What makes Japan unique?
Japan’s unique geography and four distinctive seasons mean that each region is completely different. Every area has its specialty in foods and even the taste of traditional Japanese Sake changes across the country.
When is the best time of year to visit?
Spring is a good time to see the famous Japanese cherry blossoms but autumn has to be the best season, as the leaves change to red, orange and yellow it’s really beautiful.
For first time visitors, apart from Tokyo where should we go?
Tokyo is the more modern side, so now you need to see traditional Japan. Go to Kyoto to experience elaborate historical buildings, traditional crafts and foods like Saba sushi, Yuba, Tofu and Japanese sweets. Quieter areas outside of the city include Kamakura with its temples and big Buddha and rural Hakone with its hot springs.
Moving onto Tokyo specifically, where should we go shopping?
For ladies fashion, go to Shibuya 109 and Ginza Printemps, and for mens, Marui store and the Ginza, Shinjuku and Shibuya areas. Tokyu Hands is for those looking for something different, here you discover fun products you’ve never even seen before!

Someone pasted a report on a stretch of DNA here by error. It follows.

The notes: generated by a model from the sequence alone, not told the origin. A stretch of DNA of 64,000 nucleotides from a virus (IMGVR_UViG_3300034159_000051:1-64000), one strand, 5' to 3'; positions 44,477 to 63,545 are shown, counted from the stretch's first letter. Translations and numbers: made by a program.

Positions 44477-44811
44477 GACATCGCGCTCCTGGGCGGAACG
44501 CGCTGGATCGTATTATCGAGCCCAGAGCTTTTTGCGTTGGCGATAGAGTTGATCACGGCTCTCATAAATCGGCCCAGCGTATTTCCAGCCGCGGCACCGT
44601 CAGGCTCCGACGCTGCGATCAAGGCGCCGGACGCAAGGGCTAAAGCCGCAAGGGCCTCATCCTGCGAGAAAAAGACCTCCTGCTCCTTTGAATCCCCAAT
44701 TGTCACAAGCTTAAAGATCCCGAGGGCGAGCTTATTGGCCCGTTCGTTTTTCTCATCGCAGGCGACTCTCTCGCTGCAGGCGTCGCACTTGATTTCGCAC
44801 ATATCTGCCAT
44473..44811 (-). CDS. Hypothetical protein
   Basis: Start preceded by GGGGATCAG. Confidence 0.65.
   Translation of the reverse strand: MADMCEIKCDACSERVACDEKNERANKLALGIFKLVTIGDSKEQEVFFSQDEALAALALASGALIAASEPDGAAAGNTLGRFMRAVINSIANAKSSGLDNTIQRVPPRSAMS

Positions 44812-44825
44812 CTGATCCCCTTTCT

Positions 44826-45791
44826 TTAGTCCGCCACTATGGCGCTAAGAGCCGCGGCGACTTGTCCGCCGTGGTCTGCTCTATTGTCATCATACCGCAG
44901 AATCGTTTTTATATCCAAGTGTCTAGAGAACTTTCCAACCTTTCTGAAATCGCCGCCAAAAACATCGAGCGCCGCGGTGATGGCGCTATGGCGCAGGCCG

What’s your favourite area of the city?
Aoyama is a cool, fashionable and cultural spot. With its famous Blue Note Jazz Club, many stylish restaurants, cafes and independent fashion shops, you’ll feel a different vibe just walking in the area.
What is your favourite Tokyo landmark?
The city has a new tower called Tokyo Sky Tree (634m). It will open to public in 2012, I’m excited to see the view from there.
How can we get away from the crowds?
Kagurazaka is a nice, quiet area near Shinjuku. One of the biggest Awa dance festivals is held here every summer and you can also visit the shrines of Tokyo Daijingu, Bishamonten and Akagi Jinja. For a sugar fix, try Peko-chan manju cake from Fujiya sweet shop near Lidabashi JR station.
If we only had 24 hours in the city, what should we do?
Once you wake up, go straight to Tsukiji market to enjoy fresh Sushi. Visit Harajuku where you see a lot of youngsters in funky costumes on weekends, then go to the Meiji shrine, dedicated to the divine souls of Emperor Meiji and his consort Empress Shoken – you may even see a traditional Japanese wedding here if you’re lucky. Next, walk along Omotesando street to Aoyama. If you have time, go up the Roppongi Hills Mori Tower to see its breathtaking views and famous contemporary art gallery. Finally enjoy a Sashimi dinner on a traditional Yakatabune boat in Tokyo Bay with views of the beautiful rainbow bridge and Tokyo skyscrapers all lit up.
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